Licking County Civil Protection Order Attorney

We have a proven track record of success in handling over 15,000 criminal cases and are consistently awarded as one of Ohio’s Best Criminal Defense Firms. We treat our clients like family with a non-judgmental approach. Knowledge is power in any situation. We are here to help educate you about your circumstances. Use our resources below to contact us and learn how we can help you.

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Licking County Civil Protection Order Attorney

Protection orders come hand in hand with emotionally charged situations. Otherwise known as restraining orders, protective orders often come from intense scenarios involving close family members or loved ones. In today’s society, domestic violence is not taken lightly, therefore judges tend to err on the side of those who claim to be a victim of domestic violence or assault. This inevitably has given some individuals the power to use a protective order as a weapon against an alleged offender. If someone is accused of violating a protection order, they could suffer serious consequences that could be life-altering. It is unjust and unlawful for individuals to be under the restrictions of a protection order if the protection order was obtained under pretenses. Unfortunately, these types of cases are occurring more and more over time, and it is up to criminal defense attorneys to fight for the rights of those accused. There is a lot of misinformation about what protection orders are and what they restrict, which can lead to alleged offenders unintentionally breaking the protective order. 

Courthouse where Licking County Civil Protection Order Attorneys represent clients if needed

Licking County follows the same rules and regulations that surround protective orders, as the rest of Ohio. Essentially, protection orders were designed to help protect victims of domestic violence from future harm or harassment. Unfortunately, some individuals in society have learned that they can use a protection order against another individual for various reasons such as simply not wanting to split belongings 50/50 when ending a relationship. Not only is this immoral and unjust, but it is also detrimental to the alleged offender’s life. They could lose their job, their housing, and the ability to obtain or further their education. When a protection order is placed on someone under false pretenses, it is the job of Joslyn Criminal Defense Law Firm to fight for the rights of their client, and make sure that the protection order is dropped if filed under false allegations of abuse or harassment.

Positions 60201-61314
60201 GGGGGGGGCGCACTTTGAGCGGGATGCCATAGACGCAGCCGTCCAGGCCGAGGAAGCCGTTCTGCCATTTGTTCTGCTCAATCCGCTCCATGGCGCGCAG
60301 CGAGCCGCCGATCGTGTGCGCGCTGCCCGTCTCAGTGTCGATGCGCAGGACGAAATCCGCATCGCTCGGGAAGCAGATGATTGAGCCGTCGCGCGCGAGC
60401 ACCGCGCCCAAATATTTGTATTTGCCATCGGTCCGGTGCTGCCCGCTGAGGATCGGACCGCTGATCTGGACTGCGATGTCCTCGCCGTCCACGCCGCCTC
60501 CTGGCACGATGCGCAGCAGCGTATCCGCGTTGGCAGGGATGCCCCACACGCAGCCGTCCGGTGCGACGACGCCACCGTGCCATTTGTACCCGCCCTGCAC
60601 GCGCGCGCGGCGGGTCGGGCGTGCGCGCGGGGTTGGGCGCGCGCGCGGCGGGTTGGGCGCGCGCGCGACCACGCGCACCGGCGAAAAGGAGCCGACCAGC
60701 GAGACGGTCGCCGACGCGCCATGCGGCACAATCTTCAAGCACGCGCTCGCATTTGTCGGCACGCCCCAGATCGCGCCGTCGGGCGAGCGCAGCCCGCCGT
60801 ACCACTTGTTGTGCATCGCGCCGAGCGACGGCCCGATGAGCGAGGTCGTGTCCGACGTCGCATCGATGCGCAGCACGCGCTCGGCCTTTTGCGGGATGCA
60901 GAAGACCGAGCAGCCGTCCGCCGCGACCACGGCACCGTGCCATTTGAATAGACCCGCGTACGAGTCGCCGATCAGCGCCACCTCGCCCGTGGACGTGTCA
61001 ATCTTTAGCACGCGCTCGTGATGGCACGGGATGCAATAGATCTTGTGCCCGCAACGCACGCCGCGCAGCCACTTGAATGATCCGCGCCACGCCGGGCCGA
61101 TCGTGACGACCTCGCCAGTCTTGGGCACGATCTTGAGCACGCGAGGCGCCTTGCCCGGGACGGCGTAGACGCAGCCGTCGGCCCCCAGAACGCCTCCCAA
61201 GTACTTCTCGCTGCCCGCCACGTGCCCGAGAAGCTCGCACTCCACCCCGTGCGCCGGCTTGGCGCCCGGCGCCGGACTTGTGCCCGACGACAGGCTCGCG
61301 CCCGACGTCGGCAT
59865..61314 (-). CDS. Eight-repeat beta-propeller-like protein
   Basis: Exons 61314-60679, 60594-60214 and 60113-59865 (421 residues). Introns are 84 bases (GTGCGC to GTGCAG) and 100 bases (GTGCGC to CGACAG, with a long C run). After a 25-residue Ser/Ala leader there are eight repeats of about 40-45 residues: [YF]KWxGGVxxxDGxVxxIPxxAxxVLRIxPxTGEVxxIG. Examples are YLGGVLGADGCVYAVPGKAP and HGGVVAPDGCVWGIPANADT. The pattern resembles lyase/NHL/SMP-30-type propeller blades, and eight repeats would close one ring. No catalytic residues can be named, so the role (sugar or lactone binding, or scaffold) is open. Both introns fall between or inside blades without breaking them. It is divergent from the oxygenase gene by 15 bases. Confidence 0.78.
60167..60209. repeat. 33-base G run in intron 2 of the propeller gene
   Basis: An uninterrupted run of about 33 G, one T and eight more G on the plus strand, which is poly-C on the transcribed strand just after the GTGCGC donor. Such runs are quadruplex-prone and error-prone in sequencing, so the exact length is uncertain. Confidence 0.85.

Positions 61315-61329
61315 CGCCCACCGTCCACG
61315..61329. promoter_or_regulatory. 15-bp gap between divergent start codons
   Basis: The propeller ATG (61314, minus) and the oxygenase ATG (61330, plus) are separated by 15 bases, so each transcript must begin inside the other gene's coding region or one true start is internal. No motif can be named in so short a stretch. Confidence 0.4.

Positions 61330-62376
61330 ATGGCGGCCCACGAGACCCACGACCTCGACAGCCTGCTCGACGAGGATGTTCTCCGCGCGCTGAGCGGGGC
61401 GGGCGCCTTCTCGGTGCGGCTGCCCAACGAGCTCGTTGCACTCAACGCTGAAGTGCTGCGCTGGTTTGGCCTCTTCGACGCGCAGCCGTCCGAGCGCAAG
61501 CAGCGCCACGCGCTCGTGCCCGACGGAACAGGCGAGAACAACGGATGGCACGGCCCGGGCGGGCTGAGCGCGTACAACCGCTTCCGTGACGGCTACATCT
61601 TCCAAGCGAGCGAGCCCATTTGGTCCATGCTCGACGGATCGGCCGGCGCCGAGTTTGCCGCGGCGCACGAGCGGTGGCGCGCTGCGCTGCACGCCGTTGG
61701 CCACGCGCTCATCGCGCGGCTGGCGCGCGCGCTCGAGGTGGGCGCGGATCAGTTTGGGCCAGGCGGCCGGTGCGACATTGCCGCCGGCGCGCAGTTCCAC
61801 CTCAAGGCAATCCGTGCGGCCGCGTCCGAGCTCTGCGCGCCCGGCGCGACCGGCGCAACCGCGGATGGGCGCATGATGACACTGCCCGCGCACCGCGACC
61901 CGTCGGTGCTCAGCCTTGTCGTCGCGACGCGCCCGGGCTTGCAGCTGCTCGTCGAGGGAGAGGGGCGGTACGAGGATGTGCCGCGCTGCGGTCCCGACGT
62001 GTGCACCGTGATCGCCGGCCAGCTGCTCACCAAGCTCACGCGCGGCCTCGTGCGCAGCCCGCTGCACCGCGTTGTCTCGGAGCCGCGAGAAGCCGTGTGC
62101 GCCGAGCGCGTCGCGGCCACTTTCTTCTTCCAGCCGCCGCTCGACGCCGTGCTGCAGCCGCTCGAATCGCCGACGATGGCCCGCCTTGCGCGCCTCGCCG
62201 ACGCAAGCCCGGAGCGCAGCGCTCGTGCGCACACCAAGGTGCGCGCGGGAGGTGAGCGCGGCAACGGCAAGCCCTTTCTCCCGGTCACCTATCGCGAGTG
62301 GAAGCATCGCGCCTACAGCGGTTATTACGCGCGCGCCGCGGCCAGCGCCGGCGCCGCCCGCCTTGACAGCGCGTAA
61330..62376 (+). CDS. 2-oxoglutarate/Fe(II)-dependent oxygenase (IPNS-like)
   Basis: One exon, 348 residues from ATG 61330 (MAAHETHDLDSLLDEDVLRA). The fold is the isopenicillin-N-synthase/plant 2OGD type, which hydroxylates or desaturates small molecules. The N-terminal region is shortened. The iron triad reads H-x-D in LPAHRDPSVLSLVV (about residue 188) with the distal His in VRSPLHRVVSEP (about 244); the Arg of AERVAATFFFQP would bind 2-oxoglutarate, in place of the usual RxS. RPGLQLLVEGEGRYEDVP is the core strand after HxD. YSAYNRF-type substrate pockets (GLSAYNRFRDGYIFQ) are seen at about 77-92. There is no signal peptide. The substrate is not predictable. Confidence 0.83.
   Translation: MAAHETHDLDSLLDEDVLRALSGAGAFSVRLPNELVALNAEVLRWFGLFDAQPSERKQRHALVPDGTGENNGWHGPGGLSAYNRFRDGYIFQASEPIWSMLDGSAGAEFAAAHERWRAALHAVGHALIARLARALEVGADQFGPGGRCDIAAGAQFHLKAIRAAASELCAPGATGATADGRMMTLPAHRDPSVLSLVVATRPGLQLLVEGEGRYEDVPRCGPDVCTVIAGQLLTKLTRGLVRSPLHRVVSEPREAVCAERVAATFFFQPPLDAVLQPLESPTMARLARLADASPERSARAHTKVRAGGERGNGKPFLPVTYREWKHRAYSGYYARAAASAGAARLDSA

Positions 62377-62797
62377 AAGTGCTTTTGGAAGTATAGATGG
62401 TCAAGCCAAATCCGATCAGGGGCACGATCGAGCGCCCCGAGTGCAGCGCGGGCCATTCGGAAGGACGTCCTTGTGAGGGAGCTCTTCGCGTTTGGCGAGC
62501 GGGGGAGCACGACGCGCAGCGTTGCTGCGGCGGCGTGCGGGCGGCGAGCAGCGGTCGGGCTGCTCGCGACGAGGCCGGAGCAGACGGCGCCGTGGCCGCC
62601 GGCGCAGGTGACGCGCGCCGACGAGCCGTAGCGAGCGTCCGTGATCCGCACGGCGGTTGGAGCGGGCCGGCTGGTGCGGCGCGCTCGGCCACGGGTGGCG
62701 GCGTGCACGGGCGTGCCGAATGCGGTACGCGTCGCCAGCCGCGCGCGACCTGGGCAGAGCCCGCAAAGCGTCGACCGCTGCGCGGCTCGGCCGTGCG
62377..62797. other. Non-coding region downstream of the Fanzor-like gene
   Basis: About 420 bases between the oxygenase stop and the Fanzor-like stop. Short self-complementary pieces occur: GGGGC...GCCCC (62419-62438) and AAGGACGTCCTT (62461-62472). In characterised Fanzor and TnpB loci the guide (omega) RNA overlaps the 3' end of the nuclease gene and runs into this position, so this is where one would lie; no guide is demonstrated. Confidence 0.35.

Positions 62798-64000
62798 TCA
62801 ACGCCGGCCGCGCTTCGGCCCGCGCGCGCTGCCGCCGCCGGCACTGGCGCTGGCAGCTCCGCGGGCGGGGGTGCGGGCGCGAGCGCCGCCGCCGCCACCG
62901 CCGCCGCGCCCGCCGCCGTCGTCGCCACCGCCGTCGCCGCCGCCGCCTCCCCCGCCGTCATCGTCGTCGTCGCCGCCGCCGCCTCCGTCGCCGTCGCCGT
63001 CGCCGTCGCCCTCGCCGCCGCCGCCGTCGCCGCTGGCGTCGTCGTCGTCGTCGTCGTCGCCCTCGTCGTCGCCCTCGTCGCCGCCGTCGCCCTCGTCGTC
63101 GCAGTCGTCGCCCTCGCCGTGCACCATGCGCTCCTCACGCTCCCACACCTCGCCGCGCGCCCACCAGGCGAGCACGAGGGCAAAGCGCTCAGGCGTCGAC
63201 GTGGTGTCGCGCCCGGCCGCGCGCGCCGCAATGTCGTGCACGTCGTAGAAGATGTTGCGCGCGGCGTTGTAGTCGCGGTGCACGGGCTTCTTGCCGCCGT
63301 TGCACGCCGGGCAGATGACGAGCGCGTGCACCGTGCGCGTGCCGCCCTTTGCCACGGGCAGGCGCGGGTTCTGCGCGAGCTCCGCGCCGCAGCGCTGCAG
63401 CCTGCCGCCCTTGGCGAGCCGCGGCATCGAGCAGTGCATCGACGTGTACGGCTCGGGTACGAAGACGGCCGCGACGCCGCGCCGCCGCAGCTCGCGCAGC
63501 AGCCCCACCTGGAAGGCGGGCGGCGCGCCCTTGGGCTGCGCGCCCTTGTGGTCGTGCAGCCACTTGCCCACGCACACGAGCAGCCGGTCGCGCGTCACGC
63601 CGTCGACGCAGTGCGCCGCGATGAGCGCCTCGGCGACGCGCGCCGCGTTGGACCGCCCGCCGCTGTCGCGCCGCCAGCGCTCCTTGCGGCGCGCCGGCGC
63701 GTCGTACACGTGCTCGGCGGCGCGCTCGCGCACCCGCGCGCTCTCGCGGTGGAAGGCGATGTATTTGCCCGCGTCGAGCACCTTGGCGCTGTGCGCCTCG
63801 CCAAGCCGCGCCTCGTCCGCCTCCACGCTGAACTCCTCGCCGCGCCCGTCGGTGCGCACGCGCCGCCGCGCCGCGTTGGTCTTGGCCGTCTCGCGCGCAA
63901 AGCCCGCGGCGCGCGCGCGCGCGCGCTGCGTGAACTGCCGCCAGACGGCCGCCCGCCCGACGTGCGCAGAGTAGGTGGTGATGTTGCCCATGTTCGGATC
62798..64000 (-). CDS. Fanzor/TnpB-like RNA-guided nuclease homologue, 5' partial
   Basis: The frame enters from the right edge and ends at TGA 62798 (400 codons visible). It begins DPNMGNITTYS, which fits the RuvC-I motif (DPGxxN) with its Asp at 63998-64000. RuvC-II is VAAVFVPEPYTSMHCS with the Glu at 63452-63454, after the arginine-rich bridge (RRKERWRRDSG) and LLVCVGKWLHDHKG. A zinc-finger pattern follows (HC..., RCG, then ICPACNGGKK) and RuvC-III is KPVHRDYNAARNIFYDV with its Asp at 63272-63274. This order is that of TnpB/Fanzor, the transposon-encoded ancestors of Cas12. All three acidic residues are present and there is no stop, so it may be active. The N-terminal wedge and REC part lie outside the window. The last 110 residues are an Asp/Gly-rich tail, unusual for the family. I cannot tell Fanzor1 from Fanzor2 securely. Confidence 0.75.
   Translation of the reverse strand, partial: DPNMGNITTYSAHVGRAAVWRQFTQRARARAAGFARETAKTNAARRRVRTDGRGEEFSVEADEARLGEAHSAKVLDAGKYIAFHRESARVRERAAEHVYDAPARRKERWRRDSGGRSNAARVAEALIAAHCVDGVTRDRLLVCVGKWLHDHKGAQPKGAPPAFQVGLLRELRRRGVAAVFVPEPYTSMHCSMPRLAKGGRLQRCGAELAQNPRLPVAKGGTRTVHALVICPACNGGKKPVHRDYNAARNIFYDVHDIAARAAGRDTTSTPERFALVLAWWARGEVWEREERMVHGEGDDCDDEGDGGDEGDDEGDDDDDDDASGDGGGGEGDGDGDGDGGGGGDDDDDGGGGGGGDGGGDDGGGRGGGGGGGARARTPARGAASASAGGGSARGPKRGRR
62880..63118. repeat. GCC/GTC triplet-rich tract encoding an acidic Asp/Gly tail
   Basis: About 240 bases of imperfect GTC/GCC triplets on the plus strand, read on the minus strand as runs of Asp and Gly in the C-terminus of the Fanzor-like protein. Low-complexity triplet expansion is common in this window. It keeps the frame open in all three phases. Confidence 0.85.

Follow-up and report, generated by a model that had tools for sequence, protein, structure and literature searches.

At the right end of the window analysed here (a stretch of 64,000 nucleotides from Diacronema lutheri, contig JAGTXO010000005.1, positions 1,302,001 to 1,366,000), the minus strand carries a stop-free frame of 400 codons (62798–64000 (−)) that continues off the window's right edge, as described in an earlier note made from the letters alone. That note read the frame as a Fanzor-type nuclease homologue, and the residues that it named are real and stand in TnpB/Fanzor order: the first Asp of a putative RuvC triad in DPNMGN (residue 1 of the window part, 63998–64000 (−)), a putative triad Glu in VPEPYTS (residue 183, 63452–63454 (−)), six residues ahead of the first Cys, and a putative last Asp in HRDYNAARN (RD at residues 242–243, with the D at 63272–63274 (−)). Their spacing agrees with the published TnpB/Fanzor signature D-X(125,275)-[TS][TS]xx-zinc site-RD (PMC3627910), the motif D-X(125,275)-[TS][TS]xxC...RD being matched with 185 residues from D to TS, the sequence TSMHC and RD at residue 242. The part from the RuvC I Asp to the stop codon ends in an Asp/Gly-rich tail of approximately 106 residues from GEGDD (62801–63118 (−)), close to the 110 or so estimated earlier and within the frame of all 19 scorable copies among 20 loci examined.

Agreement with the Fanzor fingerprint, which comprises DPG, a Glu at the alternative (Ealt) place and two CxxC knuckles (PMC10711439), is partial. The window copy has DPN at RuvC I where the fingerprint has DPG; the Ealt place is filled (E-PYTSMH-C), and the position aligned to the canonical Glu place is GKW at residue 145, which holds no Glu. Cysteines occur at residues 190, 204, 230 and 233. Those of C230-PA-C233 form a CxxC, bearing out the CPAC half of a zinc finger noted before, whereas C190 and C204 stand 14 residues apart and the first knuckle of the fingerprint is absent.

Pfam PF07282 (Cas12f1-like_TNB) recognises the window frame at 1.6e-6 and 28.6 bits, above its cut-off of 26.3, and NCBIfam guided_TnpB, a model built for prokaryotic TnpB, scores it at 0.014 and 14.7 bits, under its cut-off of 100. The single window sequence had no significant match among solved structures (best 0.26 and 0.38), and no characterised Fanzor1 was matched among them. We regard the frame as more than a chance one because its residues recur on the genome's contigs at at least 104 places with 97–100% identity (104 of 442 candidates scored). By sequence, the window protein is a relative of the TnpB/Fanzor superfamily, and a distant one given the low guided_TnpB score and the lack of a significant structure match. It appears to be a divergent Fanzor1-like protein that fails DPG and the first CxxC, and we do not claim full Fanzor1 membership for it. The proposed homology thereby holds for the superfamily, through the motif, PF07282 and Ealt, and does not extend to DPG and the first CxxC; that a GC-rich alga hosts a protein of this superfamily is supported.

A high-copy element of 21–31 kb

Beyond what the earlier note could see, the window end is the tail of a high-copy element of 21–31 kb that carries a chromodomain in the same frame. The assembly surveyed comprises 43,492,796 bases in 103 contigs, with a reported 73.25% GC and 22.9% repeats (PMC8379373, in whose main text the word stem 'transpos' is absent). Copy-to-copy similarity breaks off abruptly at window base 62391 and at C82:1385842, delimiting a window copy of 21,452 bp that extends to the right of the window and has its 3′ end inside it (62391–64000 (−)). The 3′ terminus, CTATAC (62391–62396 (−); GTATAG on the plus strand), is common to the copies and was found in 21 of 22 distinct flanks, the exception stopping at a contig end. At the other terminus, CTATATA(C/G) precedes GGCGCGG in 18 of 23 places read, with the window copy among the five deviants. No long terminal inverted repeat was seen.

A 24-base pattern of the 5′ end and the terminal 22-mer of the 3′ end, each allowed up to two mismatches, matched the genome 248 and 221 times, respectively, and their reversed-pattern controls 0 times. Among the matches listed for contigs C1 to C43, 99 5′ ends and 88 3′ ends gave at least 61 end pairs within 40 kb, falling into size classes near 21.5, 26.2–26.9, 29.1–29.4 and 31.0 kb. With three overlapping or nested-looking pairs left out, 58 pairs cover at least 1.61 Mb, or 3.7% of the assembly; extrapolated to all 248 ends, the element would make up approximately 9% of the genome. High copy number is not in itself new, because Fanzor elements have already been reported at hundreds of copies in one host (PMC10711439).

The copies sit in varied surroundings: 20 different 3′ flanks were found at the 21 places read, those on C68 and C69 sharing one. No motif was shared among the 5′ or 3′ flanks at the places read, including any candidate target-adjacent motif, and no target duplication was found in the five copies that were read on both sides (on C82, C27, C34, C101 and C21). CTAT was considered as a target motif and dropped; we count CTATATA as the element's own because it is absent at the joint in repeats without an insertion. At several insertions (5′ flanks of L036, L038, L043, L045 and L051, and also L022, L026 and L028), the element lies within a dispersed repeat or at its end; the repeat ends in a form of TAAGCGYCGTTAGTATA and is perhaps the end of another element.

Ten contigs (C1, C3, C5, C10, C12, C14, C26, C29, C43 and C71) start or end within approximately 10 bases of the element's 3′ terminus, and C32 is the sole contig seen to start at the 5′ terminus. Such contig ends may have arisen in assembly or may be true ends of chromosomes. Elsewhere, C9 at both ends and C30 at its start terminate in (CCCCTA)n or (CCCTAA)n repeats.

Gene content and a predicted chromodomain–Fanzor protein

Another unfortunate reality is that those who are slapped with a protection order are told many different things by family members, court affiliates, etc. This makes the whole process very confusing and actually makes it pretty easy for an alleged offender to violate their protection order. When this happens, Licking County hands out severe penalties that can alter the individual’s life forever even if they unintentionally broke the restraining order. 

When an individual has a protective order placed on them in Licking County, it can be very stressful and confusing. Ohio takes domestic violence allegations very seriously, and they follow any laws set forth for domestic violence strictly. The criminal defense attorneys at Joslyn Criminal Defense Law Firm have been protecting the rights of individuals who have been issued protection orders under false pretenses. Our dedicated attorneys know exactly what to do to help those who have violated their protective orders and fight for the most favorable outcome. Our firm offers free case evaluations, so there is no obligation to us when learning about how we protect our client’s rights. To learn more, contact us today at 614-444-1900.